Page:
Why Does My Dog Sleep On Its Back?

It’s cute to us people, but dogs sleeping on their backs isn’t always the innocent act that it can appear. For the vast majority of dogs who sleep on their back, there’s a physical problem that’s causing them to make that choice.

Why do dogs sleep on their back? In my 20+ years of experience as a veterinarian, I’ve found the causes to be:

  • It Makes Breathing Easier
  • It’s Less Painful
  • They Just Like It

Sleeping On Their Back Makes It Easier To Breathe

For dogs that are brachycephalic, their lives can be a constant struggle just to breathe. From a narrowed, more restrictive nasal passage to a bunch of extra flappy tissue (soft palate elongation, everted laryngeal tonsils ) partially blocking the larynx at all times, these guys have a hard time getting air from the outside of their body down into their lungs.

Lying upside down will utilize gravity to get the soft palate (which is on the roof of the mouth) to fall “upwards” away from the larynx. Note that this works for upper airway obstruction only. A dog with lung issues (associated with bronchitis or congestive heart failure) won’t like being on their back as that puts more pressure on their lungs.

What can make this worse is if the dog is also overweight. Fat accumulates almost everywhere in a dog, including their neck. Unfortunately many brachycephalic dogs tend to become overweight as they age because it’s so easy to overfeed them.

You should see a waist that’s smaller than the chest.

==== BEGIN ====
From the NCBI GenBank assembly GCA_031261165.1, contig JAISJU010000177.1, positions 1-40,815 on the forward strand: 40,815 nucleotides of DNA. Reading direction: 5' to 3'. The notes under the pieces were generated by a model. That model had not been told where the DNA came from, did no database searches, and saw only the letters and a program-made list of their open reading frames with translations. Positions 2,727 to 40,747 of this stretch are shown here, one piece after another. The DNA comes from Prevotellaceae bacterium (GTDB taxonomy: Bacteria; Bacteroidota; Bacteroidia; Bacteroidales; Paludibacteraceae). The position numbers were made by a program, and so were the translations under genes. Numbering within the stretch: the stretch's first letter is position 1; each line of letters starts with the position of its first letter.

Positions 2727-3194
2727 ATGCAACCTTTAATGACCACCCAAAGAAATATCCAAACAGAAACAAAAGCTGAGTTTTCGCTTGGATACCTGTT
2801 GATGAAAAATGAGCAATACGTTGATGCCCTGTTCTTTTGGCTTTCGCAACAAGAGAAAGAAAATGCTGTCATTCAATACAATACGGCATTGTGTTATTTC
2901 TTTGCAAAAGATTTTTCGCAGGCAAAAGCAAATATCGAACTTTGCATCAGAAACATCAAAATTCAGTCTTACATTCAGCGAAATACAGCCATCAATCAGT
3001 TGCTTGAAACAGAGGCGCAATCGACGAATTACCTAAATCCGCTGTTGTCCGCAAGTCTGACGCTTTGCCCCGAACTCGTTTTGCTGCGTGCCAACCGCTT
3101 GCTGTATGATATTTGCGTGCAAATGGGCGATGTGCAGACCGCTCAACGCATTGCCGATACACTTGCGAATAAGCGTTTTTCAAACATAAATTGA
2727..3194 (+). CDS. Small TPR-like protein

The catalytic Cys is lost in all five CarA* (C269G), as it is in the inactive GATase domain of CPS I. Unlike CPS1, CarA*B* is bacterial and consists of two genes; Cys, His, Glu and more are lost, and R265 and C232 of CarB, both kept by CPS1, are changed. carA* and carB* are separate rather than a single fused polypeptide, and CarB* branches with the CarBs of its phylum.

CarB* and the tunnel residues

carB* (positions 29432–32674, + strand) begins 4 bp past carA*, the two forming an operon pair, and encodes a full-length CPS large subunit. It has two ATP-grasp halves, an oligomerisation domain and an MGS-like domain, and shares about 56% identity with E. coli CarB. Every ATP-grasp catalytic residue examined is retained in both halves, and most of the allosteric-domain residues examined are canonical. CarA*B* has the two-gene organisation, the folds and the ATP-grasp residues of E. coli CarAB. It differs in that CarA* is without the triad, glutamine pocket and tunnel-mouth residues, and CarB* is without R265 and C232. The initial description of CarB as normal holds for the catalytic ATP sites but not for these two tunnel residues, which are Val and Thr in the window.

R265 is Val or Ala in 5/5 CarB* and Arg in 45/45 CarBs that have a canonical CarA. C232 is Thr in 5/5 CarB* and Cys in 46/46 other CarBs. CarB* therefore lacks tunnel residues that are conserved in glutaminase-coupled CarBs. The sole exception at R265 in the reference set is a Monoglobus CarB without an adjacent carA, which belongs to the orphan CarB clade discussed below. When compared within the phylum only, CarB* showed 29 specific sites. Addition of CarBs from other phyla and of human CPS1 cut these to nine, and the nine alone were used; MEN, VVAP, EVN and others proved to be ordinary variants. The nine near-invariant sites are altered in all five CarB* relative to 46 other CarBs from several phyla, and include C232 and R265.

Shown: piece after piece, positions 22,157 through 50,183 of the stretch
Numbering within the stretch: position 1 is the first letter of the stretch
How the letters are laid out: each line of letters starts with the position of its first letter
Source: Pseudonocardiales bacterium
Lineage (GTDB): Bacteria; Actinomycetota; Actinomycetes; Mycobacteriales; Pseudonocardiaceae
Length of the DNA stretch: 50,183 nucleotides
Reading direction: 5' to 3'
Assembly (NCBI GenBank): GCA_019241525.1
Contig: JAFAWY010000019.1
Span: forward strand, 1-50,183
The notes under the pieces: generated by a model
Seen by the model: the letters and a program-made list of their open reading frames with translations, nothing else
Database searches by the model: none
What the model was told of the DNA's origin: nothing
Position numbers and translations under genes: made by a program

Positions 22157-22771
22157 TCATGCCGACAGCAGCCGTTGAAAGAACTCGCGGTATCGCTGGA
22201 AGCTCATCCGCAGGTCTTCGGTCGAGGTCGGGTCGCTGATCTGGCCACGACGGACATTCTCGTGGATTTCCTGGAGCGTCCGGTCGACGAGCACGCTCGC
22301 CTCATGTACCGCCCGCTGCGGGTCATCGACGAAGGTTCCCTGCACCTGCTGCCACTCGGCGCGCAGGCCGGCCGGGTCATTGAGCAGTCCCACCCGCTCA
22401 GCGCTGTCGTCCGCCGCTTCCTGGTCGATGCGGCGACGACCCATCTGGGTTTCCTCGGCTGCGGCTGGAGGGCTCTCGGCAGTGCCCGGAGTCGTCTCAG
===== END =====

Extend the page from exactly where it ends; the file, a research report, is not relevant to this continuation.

Overweight Pug – See How Big The Belly Is?

How Can I Tell If My Dog Is Doing This?

There are certain breeds that commonly do this: English Bulldogs, Pugs, French Bulldogs, and honestly any overweight brachycephalic breed.

Typically if they make a lot of noise when they sleep (perhaps there’s a lot of snoring), then they are more likely to sleep on their back then the average dog.

It’s Less Painful To Sleep On Their Back

This is the one reason that pet owners seem to not understand. I have two dogs at home with severe hip dysplasia and I can tell when their hips are hurting them because they sleep upside down. Doing so takes pressure off the lower back and hip joints and allows them to sleep more comfortably.

As dogs age and they also get a bit weaker, they may start sleeping on their back up against a wall or the side of the couch. This takes even more pressure off of their joints.

My Dog, Bailey, Has Advanced Arthritis In Her Hips Due To Hip Dysplasia

How Can I Tell If My Dog Is That Painful?

There are some signs that owners may not be aware of when trying to assess if their dog has “hidden” hip pain:

  • Lack of muscules along the backs of the rear legs (the hamstring areas)
  • Have your dog stand on all four feet and then pick up a front leg and don’t let them put their weight on you. Do their other legs shake as if they’re having a hard time standing up? That’s rear leg weakness.
  • Dogs with painful hips are usually sore and tender to the touch right in front of their hips (the hip flexors). Know where those “love handles” are? Is your dog sensitive there?

They Just Like To Sleep On Their Back

Some dogs just find it comfortable and it’s not because they need to. They just like to spread out. Maybe they like to air out their belly. Perhaps they’re naturally always looking for that next belly rub.

They can also be hot and the less-haired belly area is a great heat exchange opportunity.

In Conclusion

Dogs that sleep on their back usually are doing so because of some sort of physical issue. Talk to your veterinarian to see if your dog needs to lose weight or find ways to help with any hip or back pain that they may have.